I saw this design recently in an infotainment product. The goal is mutual authentication between two ECUs, E1 and E2. They only care about each other. The basic idea is to keep both keys secret and let each ECU have one. Let's call the keys k1 and k2, instead of public key and secret key, or E and D. Both keys are large.
Suppose E1 has k1, and E2 has k2. To perform mutual authentication in a cost efficient way:
- E1 generates random data D of a fix length, and encrypts hash(D) with k1, resulting in S1. D and S1 are sent to E2.
- E2 decrypts S1 with k2, and check if it matches hash(D).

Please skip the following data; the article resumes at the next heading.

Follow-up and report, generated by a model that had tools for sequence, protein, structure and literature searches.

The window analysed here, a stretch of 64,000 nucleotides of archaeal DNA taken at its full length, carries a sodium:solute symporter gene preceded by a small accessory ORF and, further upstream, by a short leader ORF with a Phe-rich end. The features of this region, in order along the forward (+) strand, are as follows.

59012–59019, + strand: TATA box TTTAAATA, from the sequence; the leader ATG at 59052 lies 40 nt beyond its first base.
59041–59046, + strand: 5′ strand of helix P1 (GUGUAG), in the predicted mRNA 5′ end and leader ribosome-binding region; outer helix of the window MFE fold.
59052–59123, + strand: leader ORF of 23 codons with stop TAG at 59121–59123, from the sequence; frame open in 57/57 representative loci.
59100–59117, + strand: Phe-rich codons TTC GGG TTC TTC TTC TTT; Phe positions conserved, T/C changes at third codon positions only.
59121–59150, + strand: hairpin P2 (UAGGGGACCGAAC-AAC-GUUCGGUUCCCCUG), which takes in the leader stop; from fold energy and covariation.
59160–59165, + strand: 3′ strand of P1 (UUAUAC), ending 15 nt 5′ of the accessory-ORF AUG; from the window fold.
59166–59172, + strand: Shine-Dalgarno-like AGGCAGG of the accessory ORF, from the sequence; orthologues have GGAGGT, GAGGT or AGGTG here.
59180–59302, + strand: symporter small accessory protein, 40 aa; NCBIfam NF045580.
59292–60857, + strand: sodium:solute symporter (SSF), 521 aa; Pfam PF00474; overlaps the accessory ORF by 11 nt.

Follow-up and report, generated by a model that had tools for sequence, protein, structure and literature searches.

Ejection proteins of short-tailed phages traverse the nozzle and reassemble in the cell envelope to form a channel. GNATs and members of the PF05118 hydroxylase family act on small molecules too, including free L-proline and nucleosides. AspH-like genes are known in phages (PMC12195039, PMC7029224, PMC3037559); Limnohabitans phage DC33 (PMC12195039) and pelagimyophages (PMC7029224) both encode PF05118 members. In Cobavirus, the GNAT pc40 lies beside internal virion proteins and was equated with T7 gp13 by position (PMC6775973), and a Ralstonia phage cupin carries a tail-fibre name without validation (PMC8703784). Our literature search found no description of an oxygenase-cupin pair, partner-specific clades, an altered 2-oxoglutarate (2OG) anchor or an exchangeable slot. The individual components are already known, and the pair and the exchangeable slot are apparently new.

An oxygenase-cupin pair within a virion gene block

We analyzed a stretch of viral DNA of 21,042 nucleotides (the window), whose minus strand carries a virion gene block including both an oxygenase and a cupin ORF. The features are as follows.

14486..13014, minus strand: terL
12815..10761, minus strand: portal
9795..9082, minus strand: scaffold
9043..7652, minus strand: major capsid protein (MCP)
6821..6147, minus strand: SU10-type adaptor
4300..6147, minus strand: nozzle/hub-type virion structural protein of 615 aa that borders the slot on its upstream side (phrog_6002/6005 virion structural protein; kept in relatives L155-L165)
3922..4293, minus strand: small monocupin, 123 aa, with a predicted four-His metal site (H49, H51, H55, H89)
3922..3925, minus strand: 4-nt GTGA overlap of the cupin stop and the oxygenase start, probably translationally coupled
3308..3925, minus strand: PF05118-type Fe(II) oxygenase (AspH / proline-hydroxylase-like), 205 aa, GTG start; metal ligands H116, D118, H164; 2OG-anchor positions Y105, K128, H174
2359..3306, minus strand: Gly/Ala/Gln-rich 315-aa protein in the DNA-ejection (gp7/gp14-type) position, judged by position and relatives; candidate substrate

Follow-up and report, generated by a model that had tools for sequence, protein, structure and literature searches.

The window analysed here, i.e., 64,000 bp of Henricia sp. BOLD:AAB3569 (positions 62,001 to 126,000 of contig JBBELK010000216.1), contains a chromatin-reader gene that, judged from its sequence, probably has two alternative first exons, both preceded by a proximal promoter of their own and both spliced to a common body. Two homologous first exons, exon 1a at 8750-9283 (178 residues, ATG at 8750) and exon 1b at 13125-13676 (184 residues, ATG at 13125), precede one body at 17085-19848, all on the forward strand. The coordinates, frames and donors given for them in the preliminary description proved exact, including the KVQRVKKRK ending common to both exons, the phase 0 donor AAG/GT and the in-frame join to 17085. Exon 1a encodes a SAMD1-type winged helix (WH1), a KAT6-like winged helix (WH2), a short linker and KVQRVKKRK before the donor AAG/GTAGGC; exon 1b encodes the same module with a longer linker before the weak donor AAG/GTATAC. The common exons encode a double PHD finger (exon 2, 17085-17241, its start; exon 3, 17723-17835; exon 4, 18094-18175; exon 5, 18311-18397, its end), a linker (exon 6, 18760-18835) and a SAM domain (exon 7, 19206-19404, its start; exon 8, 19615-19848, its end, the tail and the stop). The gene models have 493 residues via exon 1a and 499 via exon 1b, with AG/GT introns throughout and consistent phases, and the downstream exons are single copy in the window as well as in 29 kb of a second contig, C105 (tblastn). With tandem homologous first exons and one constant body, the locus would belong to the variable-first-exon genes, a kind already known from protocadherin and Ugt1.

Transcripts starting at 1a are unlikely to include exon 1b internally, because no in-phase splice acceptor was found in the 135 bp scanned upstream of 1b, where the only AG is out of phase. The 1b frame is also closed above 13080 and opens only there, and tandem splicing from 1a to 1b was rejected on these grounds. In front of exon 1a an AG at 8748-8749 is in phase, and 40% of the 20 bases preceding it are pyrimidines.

- If OK, E2 calculates the binary complement of D, denoted D'. Then it encrypts hash(D') with k2, resulting in S2. S2 is sent to E1.
- E1 calculate D', decrypts S2 with k1, and check if it matches hash(D').
I have a hunch this design is risky, but fail to find the weakness. Is it secure enough in the real world?
Edit: I see there is replay attack again E2, but the "master" node, E1, can never be fooled, right? I guess the use of D' may leak some chance of MITM attack, but it's complicated to find any.